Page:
Cesc Fabregas' fairytale return to his boyhood club has come to an abrupt end, with the news that Barcelona have agreed a £26.6 million fee with Chelsea.
Another renewal was dashed, when Arsenal turned down the option to buy Fabregas back, leaving the Spain midfielder free to join Chelsea and manager Jose Mourinho at Stamford Bridge.
In truth, Fabregas' move back to Barcelona, the club he first joined as a 10-year-old, was borne out of ego and showmanship, rather than a pressing need for the player, from a purely football perspective.
Sandro Rosell, keen to make an impression at the club, since taking up the reigns of presidency in 2010, was eager to make a splash in the transfer market. His first season had seen the signings of the functional yet uninspiring duo of Adriano, from Sevilla, and Javier Mascherano, from Liverpool. Fabregas, with his background in La Masia and Catalan heritage, therefore provided an ideal marquee signing.
At the time, Barcelona had Xavi and Andrés Iniesta in their prime, whilst the mercurially talented Thiago Alcântara was threatening to break through as a regular first-team member. Further forward, Lionel Messi, David Villa and Alexis Sanchez, Rosell's other major signing in 2011, all occupied the space Fabregas looked to manipulate, when played as a "false-nine".
This is not to say his first season at the Camp Nou wasn't a success, as Barcelona won every title available, apart from the Champions League. Fabregas started more league games than Iniesta, scoring nine goals in the process.
The problem for Fabregas was that he was rarely considered a key player during his second spell at Barcelona, in the same way his midfield counterparts Iniesta and Xavi were. Despite his incredible talent, he couldn't pass like Xavi, or ghost past opponents like Iniesta, and was often shoehorned into positions, rather than owning one.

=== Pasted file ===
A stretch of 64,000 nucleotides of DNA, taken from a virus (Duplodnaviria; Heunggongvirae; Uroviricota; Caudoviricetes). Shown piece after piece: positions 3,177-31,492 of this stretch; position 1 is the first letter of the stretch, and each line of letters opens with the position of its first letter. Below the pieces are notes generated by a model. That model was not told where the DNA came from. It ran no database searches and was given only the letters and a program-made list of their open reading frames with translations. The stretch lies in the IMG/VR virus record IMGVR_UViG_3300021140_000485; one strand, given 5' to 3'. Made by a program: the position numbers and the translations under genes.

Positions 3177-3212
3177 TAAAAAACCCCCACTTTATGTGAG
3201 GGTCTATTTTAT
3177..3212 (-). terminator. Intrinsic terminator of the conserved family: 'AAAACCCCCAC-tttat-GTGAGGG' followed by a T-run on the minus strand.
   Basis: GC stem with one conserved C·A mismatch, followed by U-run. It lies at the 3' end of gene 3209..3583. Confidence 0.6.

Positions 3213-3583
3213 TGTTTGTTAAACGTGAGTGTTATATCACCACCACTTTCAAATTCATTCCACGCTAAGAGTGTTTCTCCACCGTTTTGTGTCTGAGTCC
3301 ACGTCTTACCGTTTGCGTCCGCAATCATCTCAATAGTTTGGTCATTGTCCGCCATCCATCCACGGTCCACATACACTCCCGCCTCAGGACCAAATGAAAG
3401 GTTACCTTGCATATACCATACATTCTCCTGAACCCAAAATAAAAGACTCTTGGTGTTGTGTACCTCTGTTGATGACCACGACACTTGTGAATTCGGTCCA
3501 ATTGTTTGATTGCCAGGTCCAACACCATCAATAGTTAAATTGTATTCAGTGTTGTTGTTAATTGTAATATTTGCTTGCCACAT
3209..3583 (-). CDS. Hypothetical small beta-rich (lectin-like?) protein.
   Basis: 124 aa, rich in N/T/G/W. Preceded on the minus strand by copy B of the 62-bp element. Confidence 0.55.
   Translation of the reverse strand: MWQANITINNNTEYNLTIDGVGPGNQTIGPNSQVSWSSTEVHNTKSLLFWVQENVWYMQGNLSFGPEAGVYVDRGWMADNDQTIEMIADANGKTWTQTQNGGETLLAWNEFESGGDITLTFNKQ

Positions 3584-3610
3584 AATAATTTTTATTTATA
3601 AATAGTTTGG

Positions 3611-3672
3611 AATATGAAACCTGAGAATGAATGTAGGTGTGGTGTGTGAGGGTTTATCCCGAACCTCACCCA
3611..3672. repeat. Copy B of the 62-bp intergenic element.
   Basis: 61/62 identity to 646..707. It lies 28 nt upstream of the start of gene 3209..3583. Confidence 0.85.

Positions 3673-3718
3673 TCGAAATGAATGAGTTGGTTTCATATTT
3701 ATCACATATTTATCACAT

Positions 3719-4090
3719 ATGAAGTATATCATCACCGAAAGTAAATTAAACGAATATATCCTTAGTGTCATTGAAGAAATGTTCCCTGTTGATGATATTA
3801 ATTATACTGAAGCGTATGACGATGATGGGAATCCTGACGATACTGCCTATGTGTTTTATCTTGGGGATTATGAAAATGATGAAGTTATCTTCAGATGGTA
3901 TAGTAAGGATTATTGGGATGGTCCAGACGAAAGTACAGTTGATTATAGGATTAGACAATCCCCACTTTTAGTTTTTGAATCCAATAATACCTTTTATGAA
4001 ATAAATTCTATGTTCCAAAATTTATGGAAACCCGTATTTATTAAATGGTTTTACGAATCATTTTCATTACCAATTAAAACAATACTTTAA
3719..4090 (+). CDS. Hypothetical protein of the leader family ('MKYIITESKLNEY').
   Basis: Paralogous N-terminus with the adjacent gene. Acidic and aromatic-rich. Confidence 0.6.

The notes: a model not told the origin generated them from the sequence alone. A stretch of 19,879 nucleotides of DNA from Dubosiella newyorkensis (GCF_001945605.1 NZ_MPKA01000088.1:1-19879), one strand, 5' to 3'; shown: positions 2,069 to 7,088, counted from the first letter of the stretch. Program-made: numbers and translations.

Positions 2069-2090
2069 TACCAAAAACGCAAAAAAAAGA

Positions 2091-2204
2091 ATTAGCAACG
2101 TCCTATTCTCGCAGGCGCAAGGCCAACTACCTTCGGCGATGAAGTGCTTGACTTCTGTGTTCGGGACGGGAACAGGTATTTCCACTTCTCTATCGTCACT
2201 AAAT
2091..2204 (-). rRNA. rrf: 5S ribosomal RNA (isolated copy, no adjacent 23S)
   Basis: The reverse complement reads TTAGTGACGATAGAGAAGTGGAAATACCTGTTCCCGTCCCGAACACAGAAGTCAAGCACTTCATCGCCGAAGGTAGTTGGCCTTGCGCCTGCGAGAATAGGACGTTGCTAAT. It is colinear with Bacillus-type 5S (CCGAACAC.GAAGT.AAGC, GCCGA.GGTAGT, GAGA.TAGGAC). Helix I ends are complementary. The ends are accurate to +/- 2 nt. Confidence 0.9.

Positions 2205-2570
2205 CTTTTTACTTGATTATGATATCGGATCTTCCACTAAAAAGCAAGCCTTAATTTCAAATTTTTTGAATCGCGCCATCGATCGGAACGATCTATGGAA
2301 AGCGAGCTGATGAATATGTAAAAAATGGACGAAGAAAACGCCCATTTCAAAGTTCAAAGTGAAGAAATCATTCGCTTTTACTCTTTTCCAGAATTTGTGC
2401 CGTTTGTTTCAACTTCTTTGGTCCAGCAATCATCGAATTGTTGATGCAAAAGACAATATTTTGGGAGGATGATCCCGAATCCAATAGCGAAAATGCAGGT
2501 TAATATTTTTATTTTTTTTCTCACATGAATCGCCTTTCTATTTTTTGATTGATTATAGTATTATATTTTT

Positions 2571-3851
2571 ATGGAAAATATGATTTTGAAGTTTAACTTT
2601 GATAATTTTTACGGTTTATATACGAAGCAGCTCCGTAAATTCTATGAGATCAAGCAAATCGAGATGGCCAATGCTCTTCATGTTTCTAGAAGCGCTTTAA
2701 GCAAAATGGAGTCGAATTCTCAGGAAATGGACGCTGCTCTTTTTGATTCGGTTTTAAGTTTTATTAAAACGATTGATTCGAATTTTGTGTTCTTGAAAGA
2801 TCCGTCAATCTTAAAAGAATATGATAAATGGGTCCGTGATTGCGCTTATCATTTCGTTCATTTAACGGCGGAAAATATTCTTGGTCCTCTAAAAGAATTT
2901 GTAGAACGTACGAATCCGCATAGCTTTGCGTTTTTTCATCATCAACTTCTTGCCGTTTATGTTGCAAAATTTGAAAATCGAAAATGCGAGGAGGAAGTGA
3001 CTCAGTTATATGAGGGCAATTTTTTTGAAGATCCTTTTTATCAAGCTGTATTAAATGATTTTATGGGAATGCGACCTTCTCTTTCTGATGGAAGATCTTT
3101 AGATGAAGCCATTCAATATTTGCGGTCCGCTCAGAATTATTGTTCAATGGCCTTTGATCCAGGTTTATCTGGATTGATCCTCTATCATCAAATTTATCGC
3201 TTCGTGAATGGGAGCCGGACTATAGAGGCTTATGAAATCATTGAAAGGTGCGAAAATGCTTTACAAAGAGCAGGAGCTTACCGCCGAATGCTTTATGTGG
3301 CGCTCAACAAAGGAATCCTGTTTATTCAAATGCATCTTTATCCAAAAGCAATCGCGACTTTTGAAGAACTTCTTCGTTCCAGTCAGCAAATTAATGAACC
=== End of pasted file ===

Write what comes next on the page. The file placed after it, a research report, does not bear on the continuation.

Tata Martino briefly gave Fabregas a key role in central midfield, but as Martino's critics grew louder, so did Cesc's, although the booing he received at points last season was undeserved. So used to being the central figure at Arsenal, he found it difficult to adapt to this secondary role at Barça, and it ultimately proved his downfall.
People will rightly ask if he's made the same mistake joining Chelsea. He will have to compete with Ramires and Marco van Ginkel for a place beside Nemanja Matic in the deeper midfield roles, whilst the attacking midfield role is currently occupied by Oscar.
What is different this time around is that, in Mourinho, he has a manager that will build the team around him. At times last season Mourinho didn't trust Oscar, and his form towards the end of the campaign was far from inspiring.
In the number ten role, Fabregas can once again shine, and could prove to be the piece of magic that ignites the Chelsea squad, who were over-reliant on Eden Hazard for moments of brilliance last season.
With his fellow Spanish team-mate Diego Costa soon to link up with the squad, Chelsea are beginning to look like a very intimidating outfit, and the pressure will be on to deliver both domestic and European honours next season.
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